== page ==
The generation of PHES systems for a given ecological system and, in the extreme case, for every social actor group will produce one of two results. Either all models will easily converge, generating agreement among all actors, or models will be divergent or reveal partial perceptions showing the “perspective effect” (Waltner-Toews et al. 2003, Delgado et al. 2008). In the latter case, the group of scientists is left with the job of attempting to link all these models; alternatively, they may decide that the stakes are so high that visions cannot be merged, in which case all of them have to be described, synthesized, and passed on to decision makers. This latter scenario will be described in the work that follows.

Although there are several ways to generate conceptual or qualitative ecosystem models, we have proposed methods that should maximize the likelihood of obtaining the different visions available from social actors. The method we have applied corresponds to a two-step sequence. The first step is a brainstorming session, followed by participatory modeling using commercially available languages for programming graphical simulations. This method is based on the idea that a brainstorming session generates an environment in which people can express their points of view in an open manner (Marín et al. 2008). It uses icons as the most accessible form of symbolic understanding (Hannon and Ruth 1997, Vennix 1999, Hare et al. 2003).

The participatory modeling that follows the brainstorming is generated by means of graphical systems simulation programming languages such as STELLA Research, Vensim PLE, or Powersim Studio 7. In our case, we decided, as have other authors, e.g., Costanza and Ruth (1998) and van den Belt (2004), to use STELLA Research. The STELLA Research 9.1 graphical simulation system (isee systems, Lebanon, New Hampshire, USA) has four tabbed pages: Interface, Map, Model, and Equation. Although some authors advocate the use of causal diagrams (e.g., Stave 2002), we preferred STELLA’s system dynamic representation of the stock-flow structure, given its common use in ecological modeling. A strength of STELLA is the ease with which processes or flows, e.g., information, water flows, trophic dynamics, state variables, and converters, can be visually identified. Furthermore, qualitative stock-flow models have been successfully translated into quantitative models (e.g., Videira et al. 2003) and as decision support systems (van den Belt 2004). When it starts running, STELLA opens onto the Map layer. This is where participants lay out their thinking and perceptions about the social-ecological system, i.e., the conceptual, qualitative, ecosystem model or PHES system, in the form of a map, using four building blocks (see Appendix 1 for details).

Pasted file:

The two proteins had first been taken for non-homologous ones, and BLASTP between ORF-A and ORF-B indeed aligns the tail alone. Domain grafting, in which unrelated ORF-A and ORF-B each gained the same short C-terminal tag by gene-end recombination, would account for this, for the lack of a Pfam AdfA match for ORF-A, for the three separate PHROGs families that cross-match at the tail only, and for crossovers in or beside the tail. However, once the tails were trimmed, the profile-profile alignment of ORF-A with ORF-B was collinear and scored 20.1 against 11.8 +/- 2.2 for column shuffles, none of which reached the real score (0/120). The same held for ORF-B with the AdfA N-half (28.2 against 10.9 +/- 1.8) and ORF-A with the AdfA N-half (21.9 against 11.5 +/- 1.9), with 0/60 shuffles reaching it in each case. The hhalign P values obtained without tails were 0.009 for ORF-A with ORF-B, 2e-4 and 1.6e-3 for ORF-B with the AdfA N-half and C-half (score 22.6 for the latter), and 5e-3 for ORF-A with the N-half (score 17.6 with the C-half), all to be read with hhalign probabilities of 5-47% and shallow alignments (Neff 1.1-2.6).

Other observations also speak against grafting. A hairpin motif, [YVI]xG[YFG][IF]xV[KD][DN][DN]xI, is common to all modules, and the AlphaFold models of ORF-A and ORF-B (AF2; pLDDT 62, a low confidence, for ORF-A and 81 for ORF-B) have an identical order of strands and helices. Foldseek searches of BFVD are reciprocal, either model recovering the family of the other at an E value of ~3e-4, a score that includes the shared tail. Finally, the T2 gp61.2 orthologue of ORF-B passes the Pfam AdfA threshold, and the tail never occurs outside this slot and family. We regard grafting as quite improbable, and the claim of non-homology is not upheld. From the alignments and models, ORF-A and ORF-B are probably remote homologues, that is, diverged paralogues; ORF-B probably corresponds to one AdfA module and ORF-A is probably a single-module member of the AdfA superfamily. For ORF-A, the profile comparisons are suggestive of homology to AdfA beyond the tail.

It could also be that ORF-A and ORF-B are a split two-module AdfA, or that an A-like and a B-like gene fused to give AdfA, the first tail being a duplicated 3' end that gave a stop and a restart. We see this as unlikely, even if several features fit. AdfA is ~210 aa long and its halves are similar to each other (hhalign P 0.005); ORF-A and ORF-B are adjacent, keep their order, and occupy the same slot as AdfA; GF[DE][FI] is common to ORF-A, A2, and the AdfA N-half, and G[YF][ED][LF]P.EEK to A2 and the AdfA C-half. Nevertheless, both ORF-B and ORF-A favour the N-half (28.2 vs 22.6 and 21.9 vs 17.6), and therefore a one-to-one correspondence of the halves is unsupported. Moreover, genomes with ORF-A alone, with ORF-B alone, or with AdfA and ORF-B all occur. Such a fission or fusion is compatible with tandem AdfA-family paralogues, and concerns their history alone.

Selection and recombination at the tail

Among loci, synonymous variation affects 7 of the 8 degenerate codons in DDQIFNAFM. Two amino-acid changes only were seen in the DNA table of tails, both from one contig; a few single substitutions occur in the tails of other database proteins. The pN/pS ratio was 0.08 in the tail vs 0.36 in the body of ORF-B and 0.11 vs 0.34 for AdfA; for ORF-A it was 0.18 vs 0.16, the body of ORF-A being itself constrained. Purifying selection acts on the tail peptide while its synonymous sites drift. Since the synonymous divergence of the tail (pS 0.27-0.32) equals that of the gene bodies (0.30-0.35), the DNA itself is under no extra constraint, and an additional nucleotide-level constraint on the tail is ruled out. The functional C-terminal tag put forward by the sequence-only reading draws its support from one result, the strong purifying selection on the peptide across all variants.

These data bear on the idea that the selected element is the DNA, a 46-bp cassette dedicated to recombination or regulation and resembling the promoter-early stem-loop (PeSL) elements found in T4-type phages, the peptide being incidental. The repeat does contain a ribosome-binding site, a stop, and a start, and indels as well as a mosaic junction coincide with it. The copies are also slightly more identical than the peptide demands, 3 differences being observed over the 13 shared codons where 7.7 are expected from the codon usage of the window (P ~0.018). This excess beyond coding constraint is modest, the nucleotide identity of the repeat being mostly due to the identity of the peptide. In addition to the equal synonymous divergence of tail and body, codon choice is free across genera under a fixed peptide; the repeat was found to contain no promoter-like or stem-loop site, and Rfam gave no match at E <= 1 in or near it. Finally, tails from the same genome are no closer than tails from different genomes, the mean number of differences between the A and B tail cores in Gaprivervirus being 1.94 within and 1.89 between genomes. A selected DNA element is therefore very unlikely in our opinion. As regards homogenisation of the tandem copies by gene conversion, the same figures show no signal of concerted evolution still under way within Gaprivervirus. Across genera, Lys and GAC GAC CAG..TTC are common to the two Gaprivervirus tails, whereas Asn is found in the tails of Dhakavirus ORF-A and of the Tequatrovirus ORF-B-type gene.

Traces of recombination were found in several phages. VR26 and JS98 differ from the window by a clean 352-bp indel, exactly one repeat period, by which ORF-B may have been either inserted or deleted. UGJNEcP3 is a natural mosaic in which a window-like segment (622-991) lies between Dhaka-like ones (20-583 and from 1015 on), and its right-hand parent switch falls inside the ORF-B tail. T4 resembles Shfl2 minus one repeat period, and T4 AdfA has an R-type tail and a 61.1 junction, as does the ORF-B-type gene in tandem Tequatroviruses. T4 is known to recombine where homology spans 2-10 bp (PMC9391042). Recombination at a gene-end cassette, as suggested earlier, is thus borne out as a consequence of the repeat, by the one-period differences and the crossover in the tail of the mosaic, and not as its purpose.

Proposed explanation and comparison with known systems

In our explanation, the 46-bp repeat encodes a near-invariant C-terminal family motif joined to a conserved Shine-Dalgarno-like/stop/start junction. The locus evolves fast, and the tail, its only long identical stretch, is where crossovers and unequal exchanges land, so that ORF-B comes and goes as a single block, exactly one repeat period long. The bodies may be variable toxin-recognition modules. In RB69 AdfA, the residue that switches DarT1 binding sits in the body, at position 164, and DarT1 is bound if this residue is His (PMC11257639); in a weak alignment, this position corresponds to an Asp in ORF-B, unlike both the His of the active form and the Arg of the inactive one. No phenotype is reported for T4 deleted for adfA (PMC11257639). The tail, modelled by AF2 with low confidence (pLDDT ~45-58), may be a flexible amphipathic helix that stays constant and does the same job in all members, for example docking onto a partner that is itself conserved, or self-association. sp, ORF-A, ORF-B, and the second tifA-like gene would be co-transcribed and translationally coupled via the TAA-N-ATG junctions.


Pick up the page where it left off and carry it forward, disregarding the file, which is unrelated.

Each modeling session has one brainstorming coordinator and two or three facilitators, normally one for every five or six participants, who have a working knowledge of modeling. The coordinator’s role is to ensure that the information gathered during the first part of the session is used for model building. The steps in the PHES system approach are presented in a flow diagram in Fig. 4. The PHES system methodology was originally proposed (Delgado and Marín 2005), tested, and used (Marín et al. 2008) in situations in which different social actors could jointly participate in a single modeling session. However, conflict in the Río Cruces situation was high enough to prevent joint consensus-building meetings. Therefore, we changed the method and generated a session for each of the social-actor groups that we could recognize. This change implied analyzing and categorizing social actors to generate groups that shared similar perceptions of the conflict at a preliminary stage (Marín and Delgado 2007). We identified five groups of social actors using the concepts and strategies proposed by the UK Department for International Development (DFID 2002); these groups included macro-enterprises, micro-enterprises, governments, NGOs, and the local academy. Questions for the brainstorming sessions were divided into three groups. There were common questions with the goal of comparing perceptions among all social actors, questions for specific sectors oriented toward comparing pairs of groups, and specific questions targeted to particular groups for the purpose of gathering basic information from specific social actors.

The common questions intended to compare perceptions were: